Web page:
John to fulfil lifelong ambition to be Jarl when he takes over baton

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John Hunter will be fulfilling a life­long ambition when he becomes Guizer Jarl on Tuesday.

Mr Hunter, 37, is originally from Whiteness but has lived in Lerwick for around 14 years.

Being a part of Up-Helly-A’ is clearly something he relishes, having never missed a festival since he first took part in 1986 as a young fiddle box carrier.

Two years later he formed a squad – number 43 – with some friends, and hasn’t looked back since, working as a torch boy over the years and being elected to the committee in 1996.

He said being Jarl is something he has wanted to do “from a young age”, and that he has fond memories of Up-Helly-A’ from childhood.

He said: “I can remember stand­ing with my grandfather when I was a young boy, looking at the galley.”

Having been involved in Roy Leask’s Jarl’s squad three years ago he said he knew it could sometimes be “a bit of a circus”, but the experience hasn’t put him off and he is clearly thoroughly looking forward to being Jarl.

For each jarl, the preparations begin years before the actual event, and while it has meant a lot of effort, so far everything seems to have gone according to plan: “It’s been a long time coming, it’s been five years of work, but our suits are all prepared and I’m really pleased with how everything has come out.”

Although he couldn’t give out any specifics about the suits, he said he was “very pleased” with how they look: “I had a good idea of what I wanted – there was a painting we used as inspiration to design it – and they’ve come close to that.”

He said the squad had put a lot of work into researching and designing the theme and the suits, which he said are “rustic” and “different”.

“They’re not radical, but more authentic,” he said.

He will be joined by a 65 strong squad of guizers, the youngest of which is Zander Manson, age 3½. His brother Robert will also be joining him, while his father Ronald is one of the squad musicians, playing bass guitar.

While he is a renowned musician himself, unfortunately Mr Hunter didn’t think he’d find the time to play piano on the day.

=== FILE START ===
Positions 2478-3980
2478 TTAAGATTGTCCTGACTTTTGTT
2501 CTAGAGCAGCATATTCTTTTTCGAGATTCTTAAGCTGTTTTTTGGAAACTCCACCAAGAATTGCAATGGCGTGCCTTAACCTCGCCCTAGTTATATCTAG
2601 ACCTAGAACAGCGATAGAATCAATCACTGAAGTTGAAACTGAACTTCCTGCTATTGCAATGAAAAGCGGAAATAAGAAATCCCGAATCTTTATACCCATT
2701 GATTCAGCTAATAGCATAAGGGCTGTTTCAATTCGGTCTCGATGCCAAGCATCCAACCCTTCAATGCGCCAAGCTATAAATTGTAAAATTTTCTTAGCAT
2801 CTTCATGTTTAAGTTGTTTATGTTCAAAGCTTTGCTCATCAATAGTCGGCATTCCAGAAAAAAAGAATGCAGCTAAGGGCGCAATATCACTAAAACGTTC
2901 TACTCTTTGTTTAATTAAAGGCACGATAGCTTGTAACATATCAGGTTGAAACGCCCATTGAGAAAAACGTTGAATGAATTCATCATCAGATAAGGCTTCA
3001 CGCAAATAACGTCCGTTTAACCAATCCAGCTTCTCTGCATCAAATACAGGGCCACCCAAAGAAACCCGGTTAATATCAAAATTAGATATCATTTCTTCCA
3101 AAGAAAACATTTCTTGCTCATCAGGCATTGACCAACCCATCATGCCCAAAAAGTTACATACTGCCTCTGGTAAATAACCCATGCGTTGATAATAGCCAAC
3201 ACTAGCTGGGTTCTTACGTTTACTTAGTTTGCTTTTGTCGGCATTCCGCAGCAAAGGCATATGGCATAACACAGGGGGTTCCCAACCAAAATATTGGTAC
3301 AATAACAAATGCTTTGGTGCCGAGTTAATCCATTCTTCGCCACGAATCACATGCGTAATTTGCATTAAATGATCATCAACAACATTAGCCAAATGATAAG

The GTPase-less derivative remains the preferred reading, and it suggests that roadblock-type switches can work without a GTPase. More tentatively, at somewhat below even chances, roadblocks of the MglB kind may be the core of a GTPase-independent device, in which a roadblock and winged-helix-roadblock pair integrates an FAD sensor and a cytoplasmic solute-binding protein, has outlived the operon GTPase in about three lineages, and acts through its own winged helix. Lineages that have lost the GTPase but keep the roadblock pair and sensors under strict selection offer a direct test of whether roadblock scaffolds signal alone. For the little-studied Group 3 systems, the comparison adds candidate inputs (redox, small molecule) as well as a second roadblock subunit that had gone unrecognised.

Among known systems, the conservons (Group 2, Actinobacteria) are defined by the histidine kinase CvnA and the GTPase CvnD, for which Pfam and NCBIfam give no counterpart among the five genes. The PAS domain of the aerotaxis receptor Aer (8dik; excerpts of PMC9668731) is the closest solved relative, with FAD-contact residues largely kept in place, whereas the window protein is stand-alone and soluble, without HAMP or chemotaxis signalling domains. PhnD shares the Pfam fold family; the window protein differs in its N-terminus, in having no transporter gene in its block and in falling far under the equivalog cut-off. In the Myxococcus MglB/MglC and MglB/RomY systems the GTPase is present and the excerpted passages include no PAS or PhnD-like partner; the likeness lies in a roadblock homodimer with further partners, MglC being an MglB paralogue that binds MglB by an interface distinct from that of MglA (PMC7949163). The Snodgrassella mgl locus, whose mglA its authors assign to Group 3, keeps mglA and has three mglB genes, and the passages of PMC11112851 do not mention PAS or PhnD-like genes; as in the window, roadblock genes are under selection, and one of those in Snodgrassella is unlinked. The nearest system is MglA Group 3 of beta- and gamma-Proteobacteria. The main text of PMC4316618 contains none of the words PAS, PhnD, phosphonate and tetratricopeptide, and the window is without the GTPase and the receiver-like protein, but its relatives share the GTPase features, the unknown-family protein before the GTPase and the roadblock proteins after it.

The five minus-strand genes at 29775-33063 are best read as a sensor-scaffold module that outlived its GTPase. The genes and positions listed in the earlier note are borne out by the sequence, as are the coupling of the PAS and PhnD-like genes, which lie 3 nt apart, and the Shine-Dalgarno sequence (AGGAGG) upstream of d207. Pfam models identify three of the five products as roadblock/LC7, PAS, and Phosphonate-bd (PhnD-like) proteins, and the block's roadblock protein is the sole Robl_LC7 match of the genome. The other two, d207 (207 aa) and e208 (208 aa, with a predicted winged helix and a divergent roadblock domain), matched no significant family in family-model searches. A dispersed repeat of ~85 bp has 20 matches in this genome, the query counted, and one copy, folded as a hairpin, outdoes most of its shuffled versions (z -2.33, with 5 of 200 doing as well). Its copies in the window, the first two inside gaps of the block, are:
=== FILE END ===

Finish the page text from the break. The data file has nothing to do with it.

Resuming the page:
Keeping the guizers in line will be squad leaders Angus Grains and Ryan Leith, who will help co-ordinate the men throughout the day.

Mr Hunter said he was “really looking forward” to the event and especially visiting members of the community at the town’s old folk’s homes, care homes and schools.

He said: “They just love it, and whatever you think of it it’s a real community event.”

Tuesday’s events only mark the beginning of his work, with official engagements throughout the year to attend, including leading a proces­sion at the Tall Ships when they arrive in July.

He said: “It’s the sheer scale of it – it is a lot of work, it’s become so big. But you just get one chance so you have to make the most of it.”

Meanwhile, the final squad meeting of guizers took place on Tuesday.

This year will see 959 guizers in 47 squads take part, 875 of whom will carry torches. The total this year is only marginally less than the number of participants last year.

Committee secretary Neil Rob­ert­son said there had been a “great turnout” at the meeting and that members had “dug deep” to donate towards extending the junior galley shed, raising a total of £922.

Mr Robertson said this was the highest amount that had been raised at a mass meeting and the committee would like to express their sincere thanks to all guizers who donated.


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